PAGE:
Popular music frequently serves as a marker to remind one of what life was like during a specific teenage year. It’s common to hear people refer to certain songs as the one they used to party hearty to senior year or the one they fell in love to for the first time. These tunes have more meaning than others because of the memories attached to them.
Some well-known tracks deliberately attach themselves to the listener’s age, like Alex Chilton’s “Thirteen” and Alice Cooper’s “I’m Eighteen”. Songs like these proudly declare the specific time of life as a battle cry of innocence and experience. They announce that the adult world is fucked, and who can blame them? Since rock began, the planet has been shaped by war, greed, violence, and mendacity. That doesn’t even address the existential fact that we will all die without ever knowing why we ever existed.
Eliza McLamb is an angry “Sixteen”. One might even say that she’s mad, although McLamb infers that’s what her mother should be called because of the mental illness that landed her in the hospital. The first-person narrator also has psychological issues: she suffers from an eating disorder and likes to slice her arms with razor blades in the bathtub. She gets through life by getting smoking pot and working at a perfumery in the mall. The explicit details express the superficiality of her individual experiences.
The big difference is that teens are supposed to be having fun. It’s adult responsibilities that pull one down. Despite the negative reflections of Chilton or Cooper or McLamb’s more contemporary peers like Taylor Swift and Olivia Rodriguez, McLamb’s protagonists seem weighed down by their adolescence. She wants to be a kid again, as she sings on “Glitter”. A date with the right boy or the freedom of a driver’s license won’t cut it. She sweetly sings that she wants to kill her friend’s boyfriend because the demands of teen life are too hard. The echoes of London Bridge falling and other dark childhood fantasies lurk (unheard) in the background.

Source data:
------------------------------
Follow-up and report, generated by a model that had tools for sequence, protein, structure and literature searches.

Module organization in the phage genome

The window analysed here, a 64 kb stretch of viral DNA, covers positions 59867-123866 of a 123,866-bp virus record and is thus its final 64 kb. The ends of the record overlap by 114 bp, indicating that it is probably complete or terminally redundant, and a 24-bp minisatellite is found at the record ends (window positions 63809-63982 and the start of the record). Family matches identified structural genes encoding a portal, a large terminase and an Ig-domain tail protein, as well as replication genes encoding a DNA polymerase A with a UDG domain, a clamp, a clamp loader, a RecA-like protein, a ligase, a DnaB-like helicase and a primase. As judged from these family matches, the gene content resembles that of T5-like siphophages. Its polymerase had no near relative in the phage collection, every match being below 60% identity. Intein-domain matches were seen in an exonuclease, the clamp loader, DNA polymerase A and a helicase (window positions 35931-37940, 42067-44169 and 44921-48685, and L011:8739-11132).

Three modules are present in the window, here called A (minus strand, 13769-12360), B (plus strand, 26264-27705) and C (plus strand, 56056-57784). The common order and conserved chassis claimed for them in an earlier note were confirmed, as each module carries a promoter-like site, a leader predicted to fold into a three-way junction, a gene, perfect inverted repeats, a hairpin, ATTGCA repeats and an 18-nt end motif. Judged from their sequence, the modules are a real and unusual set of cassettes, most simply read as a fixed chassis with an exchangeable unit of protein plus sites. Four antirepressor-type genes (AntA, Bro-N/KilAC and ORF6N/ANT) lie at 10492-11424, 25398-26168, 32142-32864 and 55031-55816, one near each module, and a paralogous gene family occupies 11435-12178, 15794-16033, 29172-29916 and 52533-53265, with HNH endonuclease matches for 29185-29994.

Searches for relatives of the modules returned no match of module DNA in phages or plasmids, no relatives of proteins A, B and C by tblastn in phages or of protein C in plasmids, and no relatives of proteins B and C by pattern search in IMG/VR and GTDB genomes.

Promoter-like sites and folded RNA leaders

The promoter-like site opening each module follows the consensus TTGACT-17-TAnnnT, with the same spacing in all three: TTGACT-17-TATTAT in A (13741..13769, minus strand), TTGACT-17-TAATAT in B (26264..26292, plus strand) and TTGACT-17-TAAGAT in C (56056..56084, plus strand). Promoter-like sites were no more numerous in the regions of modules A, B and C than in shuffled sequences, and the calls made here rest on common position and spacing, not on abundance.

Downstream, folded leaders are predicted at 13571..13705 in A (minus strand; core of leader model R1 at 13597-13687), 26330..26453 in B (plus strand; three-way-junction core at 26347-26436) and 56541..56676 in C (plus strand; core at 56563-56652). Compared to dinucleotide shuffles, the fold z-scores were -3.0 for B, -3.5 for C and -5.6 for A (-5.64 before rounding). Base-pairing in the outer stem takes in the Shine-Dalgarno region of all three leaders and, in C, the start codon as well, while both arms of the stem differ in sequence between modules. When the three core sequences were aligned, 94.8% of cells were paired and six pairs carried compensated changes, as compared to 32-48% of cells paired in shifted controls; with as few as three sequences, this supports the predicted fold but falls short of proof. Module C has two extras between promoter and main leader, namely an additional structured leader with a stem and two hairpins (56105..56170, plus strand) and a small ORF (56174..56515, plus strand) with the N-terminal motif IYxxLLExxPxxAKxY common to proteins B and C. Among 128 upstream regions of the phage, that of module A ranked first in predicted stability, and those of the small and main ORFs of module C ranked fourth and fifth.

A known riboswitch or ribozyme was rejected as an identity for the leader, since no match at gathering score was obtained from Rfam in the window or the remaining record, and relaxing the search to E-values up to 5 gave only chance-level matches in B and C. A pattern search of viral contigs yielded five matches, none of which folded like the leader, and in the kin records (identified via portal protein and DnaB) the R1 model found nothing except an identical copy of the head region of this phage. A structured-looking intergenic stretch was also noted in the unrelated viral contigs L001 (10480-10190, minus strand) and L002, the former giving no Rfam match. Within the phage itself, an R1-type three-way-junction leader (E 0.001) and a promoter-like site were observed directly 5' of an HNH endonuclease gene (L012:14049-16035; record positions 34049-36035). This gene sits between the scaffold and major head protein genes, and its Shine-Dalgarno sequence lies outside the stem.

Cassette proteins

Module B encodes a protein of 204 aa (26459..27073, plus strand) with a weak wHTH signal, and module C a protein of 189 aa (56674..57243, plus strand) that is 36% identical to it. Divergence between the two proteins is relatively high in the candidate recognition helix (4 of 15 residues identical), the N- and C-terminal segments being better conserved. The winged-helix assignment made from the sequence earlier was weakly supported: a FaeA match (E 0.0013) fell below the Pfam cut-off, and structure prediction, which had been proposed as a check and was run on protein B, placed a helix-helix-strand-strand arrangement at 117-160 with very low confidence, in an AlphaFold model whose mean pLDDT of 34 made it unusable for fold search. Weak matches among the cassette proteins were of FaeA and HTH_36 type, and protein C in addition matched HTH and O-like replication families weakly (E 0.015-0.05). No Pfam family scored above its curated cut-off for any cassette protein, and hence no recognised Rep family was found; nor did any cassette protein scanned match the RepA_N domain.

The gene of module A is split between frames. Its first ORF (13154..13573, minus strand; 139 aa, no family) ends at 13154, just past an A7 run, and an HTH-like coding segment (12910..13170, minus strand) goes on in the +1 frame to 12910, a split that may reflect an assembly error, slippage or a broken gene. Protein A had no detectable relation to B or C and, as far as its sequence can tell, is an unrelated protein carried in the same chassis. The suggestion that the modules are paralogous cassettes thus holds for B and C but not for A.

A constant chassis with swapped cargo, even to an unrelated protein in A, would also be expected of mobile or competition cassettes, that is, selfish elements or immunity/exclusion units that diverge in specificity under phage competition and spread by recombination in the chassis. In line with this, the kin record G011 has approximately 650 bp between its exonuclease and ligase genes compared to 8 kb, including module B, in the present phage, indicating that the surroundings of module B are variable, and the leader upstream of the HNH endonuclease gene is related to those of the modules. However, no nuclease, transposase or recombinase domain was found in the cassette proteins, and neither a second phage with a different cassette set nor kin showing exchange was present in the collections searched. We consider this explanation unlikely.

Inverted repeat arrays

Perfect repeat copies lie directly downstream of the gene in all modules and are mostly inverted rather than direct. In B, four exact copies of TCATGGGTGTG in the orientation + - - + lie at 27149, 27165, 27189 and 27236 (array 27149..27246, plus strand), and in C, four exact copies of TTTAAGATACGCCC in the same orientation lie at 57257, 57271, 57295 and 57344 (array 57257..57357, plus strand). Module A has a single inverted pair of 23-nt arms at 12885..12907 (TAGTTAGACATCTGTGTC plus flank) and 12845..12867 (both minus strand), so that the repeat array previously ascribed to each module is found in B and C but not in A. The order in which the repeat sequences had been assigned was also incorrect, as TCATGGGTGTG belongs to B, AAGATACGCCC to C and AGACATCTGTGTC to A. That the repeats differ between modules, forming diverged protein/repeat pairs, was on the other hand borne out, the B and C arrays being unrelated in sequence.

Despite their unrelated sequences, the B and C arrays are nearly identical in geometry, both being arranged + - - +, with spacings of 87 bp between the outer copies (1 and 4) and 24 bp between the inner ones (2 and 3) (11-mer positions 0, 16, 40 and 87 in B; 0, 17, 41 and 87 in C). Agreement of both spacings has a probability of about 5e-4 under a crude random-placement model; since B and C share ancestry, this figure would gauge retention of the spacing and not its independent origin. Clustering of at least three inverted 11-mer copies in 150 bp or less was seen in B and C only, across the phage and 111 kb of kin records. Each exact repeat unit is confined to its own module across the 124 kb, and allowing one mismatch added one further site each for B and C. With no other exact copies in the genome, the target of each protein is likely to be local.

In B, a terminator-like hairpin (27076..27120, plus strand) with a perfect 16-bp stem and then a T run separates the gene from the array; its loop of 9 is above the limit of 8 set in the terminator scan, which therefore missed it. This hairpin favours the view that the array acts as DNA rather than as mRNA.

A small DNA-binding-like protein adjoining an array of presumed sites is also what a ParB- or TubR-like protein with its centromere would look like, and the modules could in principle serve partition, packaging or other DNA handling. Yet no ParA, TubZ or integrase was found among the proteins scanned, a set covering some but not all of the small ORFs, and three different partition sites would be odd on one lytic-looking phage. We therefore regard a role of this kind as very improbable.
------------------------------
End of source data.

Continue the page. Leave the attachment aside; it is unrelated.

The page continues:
“Being unknown is all that I own,” McLamb croons in “Anything You Want”. Her presence is like a bug in a soda can. She can’t be herself and be what someone wants. The same theme reappears in “Mythologize Me” and “Modern Woman”. No one could really want the real her. So, the best one can do is fantasize about her while she fantasizes about being fantasized.
There’s a refreshing bitterness to McLamb’s confessional diatribes that connects her self-admitted personal failures to the larger society’s communal failures. This is pop music spiked with something stronger than liquor. She knows that happiness is just an illusion yet can’t help but simultaneously want and reject it. The music here is infectious and seductive even as McLamb rails against believing the lies one tells oneself because they are too good to be true and that other people are duplicitous despite their best intentions.
The listener doesn’t have to be a teen in a bad family situation, working a dead-end job, and getting buzzed to relate to McLamb. The specific details help one identify the larger concerns. The catchiness of the wordplay and good-feeling vibes of the music trap one into feeling trapped—in a good way. McLamb expresses what we are all going through because such is life in a post-COVID world where nothing seems to matter, even though we know it does.